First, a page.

5. The complainant said that the article inaccurately reported, in breach of Clause 1, that she had “escape[d]” punishment or sanction as – given that she had not been employed as a midwife for three years prior to her incorrect entry – the NMC had accepted that her actions were not fraudulent and that she had merely made a digital error. Accordingly, the complainant said that she was “not punishable” for her oversight, and could not therefore have escaped punishment/sanction. The complainant also said that, although she was removed from the register, this was not a punishment – as it was a simple correction of her error.

6. The publication did not accept a breach of Clause 1. It said it had relied upon the judgement from the NMC hearing, which was available online, and that it was not significantly inaccurate or misleading to report that the complainant escaped punishment or sanction – the complainant’s error had been investigated by the NMC, she accepted she had made an error, and the article made clear the NMC’s decision and the reasoning behind its decision. The publication said that it was not in dispute that the complainant was on the register and was later removed from the register, it said that the online article had accurately reported this sequence of events.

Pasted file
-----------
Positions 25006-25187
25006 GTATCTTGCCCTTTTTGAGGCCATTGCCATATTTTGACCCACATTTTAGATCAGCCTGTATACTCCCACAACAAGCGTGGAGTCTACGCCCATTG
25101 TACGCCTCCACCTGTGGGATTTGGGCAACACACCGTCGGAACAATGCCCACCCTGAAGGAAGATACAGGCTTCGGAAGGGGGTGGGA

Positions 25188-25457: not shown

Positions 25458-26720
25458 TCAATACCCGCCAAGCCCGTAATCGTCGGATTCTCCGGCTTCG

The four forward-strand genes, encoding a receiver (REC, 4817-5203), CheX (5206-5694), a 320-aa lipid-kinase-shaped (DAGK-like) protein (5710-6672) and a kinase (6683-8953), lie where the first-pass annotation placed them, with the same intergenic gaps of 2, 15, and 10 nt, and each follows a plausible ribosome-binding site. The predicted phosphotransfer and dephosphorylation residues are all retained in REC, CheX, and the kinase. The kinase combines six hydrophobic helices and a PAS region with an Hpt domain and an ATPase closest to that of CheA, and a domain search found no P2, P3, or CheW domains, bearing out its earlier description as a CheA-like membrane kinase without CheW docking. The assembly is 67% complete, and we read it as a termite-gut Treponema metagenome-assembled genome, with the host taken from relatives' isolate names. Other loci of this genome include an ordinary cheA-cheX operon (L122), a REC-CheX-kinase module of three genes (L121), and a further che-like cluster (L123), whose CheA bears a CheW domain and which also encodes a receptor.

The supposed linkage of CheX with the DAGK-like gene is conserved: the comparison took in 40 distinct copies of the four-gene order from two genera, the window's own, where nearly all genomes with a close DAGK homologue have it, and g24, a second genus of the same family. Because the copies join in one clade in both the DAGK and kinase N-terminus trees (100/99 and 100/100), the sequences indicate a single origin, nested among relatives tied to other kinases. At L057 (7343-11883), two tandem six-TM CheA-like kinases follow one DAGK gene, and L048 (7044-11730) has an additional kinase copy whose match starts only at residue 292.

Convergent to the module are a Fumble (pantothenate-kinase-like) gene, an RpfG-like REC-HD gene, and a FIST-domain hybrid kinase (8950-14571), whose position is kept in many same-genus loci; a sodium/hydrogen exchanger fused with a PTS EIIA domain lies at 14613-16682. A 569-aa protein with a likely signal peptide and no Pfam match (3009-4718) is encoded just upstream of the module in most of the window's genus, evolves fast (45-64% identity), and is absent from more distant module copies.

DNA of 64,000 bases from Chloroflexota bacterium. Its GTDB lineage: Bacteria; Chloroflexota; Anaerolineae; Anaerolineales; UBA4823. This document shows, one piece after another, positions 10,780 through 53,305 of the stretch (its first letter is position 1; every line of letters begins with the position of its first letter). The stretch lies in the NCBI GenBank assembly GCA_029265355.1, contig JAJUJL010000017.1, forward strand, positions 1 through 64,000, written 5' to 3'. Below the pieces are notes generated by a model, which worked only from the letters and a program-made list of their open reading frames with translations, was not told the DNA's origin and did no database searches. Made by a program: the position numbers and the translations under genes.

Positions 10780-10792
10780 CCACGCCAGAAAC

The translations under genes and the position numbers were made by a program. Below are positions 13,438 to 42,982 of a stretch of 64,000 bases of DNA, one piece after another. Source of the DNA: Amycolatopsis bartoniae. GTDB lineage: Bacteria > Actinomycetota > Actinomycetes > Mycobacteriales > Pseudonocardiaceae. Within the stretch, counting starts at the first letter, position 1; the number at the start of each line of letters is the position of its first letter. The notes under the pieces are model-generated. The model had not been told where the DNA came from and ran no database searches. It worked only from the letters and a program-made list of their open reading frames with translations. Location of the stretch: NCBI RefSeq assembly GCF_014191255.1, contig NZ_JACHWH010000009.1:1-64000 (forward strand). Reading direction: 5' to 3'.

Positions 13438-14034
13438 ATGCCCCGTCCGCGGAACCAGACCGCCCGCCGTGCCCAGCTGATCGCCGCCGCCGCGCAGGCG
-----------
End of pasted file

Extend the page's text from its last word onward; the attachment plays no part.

7. While the publication did not accept a breach of the Code, on 20 July, upon receipt of the complaint from IPSO and in an attempt to resolve the complaint, the publication amended the online article, so that the headline instead read: “Midwife faces no sanction over incorrect work logs”. On the same date, the publication also added the following correction underneath the headline of the online version of the article:

“A previous version of this article stated that Ms Burke ‘escaped punishment’ after falsely claiming to have completed hundreds of hours of midwifery practice. In fact, as explained further in the article, the NMC Registration Department did not impose an interim order on Ms Burke after she accepted the charge of making an incorrect entry.